Start Using Google Scholar to Save Time on Research

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If you don’t have access to library databases at home, you should definitely start your research using Google Scholar. To describe Google Scholar as simply a website that simply archives and organizes online journal articles would be an understatement.

Google Scholar not only lets you search for articles by search terms (like every other journal database), but it provides you with great search features like:

Related Articles Link
Most every article listed within Google Scholar has a “related articles” link. The “related articles” link expands on articles not cited within the article itself, and can provide you with a long list of scholarly journal articles you might not have thought about checking out. You can spend hours just clicking through the related links of the journal articles you’re interested in.

Cited By Link
Another great tool on Google Scholar is the “Cited by __” link. This nifty link will give you set of online journal articles that cite the article you’re interested in. So the articles with more citations should give you an idea of the article’s importance within your research topic
. It’s a great tool to quickly find articles most referenced in other journals, which means you might want to consider reading and citing those highly referenced articles too.

There are many other advanced search features and scholar preference searches, so go check it out.

How to Write a Fascinating Thesis Statement

No professors or teaching assistants want to read a boring paper. They want to read a paper that engages them; a paper that is compelling and clearly articulated.

So how do you write one of these papers?

Well, the most important part of writing a fascinating paper is to develop a great thesis statement.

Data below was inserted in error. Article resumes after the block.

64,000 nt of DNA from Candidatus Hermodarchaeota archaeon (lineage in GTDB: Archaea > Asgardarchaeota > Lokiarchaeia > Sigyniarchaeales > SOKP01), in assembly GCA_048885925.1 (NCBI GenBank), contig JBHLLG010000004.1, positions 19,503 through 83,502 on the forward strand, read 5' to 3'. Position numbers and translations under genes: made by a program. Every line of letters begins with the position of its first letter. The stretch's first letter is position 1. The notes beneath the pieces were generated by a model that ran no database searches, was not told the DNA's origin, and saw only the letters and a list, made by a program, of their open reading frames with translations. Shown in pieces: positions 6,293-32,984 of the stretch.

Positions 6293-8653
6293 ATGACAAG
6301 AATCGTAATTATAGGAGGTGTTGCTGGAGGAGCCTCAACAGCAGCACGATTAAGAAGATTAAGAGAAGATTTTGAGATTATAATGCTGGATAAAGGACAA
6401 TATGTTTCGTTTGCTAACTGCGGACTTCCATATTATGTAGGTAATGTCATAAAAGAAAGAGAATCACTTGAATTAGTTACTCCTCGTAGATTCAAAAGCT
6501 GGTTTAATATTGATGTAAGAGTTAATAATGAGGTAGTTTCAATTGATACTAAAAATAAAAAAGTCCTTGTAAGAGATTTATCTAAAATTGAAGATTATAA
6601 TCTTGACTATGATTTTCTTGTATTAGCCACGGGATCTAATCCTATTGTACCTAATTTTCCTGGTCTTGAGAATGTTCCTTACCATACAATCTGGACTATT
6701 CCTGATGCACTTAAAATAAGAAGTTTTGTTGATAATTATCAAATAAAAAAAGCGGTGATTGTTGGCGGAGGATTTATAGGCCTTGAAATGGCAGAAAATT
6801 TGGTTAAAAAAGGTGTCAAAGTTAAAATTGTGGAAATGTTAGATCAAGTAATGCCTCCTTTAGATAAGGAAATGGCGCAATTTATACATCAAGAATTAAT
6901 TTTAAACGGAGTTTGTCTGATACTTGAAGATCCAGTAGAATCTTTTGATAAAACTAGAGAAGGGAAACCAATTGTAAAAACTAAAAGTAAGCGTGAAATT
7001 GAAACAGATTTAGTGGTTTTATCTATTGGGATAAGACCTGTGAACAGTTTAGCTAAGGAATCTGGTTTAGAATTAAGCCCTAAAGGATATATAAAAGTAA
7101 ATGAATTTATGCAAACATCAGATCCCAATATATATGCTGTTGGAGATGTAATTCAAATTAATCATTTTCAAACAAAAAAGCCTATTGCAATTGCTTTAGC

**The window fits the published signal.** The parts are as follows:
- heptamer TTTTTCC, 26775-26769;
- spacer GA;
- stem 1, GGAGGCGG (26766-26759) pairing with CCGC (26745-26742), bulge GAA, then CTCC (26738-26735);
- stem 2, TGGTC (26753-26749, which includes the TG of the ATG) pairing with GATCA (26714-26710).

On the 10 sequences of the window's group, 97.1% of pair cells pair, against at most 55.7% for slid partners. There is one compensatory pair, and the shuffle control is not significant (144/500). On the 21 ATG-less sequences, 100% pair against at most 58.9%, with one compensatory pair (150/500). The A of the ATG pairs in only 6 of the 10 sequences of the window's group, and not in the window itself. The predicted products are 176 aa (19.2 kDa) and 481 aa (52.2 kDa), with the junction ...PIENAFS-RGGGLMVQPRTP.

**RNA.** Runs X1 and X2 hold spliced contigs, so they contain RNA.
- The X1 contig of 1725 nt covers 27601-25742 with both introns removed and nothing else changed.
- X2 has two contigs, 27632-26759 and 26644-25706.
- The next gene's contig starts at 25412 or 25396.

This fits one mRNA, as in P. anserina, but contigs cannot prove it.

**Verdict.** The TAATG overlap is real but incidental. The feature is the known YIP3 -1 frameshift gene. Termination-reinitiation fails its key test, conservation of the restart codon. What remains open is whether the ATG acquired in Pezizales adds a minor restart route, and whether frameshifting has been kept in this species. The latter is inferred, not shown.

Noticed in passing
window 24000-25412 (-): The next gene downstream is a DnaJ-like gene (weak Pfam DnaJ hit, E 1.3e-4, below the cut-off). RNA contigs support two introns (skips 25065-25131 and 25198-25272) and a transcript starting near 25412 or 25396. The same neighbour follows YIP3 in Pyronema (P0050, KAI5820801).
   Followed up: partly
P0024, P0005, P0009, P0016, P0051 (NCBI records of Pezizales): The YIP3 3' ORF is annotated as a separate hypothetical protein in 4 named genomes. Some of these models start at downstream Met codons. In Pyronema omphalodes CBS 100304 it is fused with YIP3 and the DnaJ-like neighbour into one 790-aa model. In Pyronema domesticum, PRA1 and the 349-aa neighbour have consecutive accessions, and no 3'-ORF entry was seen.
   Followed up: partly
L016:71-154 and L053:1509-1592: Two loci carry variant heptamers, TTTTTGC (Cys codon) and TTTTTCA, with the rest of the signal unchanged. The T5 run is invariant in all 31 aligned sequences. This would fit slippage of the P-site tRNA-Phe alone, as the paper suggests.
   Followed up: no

You see, your thesis statement is the spine for your entire paper. Its the glue that holds your paper together. The more complex, specific, and interesting, the better your paper will be.

So here are some steps to breathe life into your next thesis statement:

Get Excited About Your Topic
No matter what you have to write about, you should try and get excited about it. The more interest and excitement you put forth, the better your paper will be. Even if your paper topic bores you, this is your opportunity to get creative and think of a way to make it exciting. Thats your challenge – and you can do it.

Develop A Strong Opinion About Your Topic
Writing a great thesis statement means you need to develop a strong opinion about your topic. This is how radio talk show hosts keep their audiences – they spew strong opinions that attract listeners and phone calls. If youre not sure how to form a strong opinion about your topic, start reading through journal article abstracts. Check out Google Scholar and read through thesis statements pertaining to your topic. Jot down any strong opinions that look interesting to you.

Use Exciting Adjectives to Spice up Your Thesis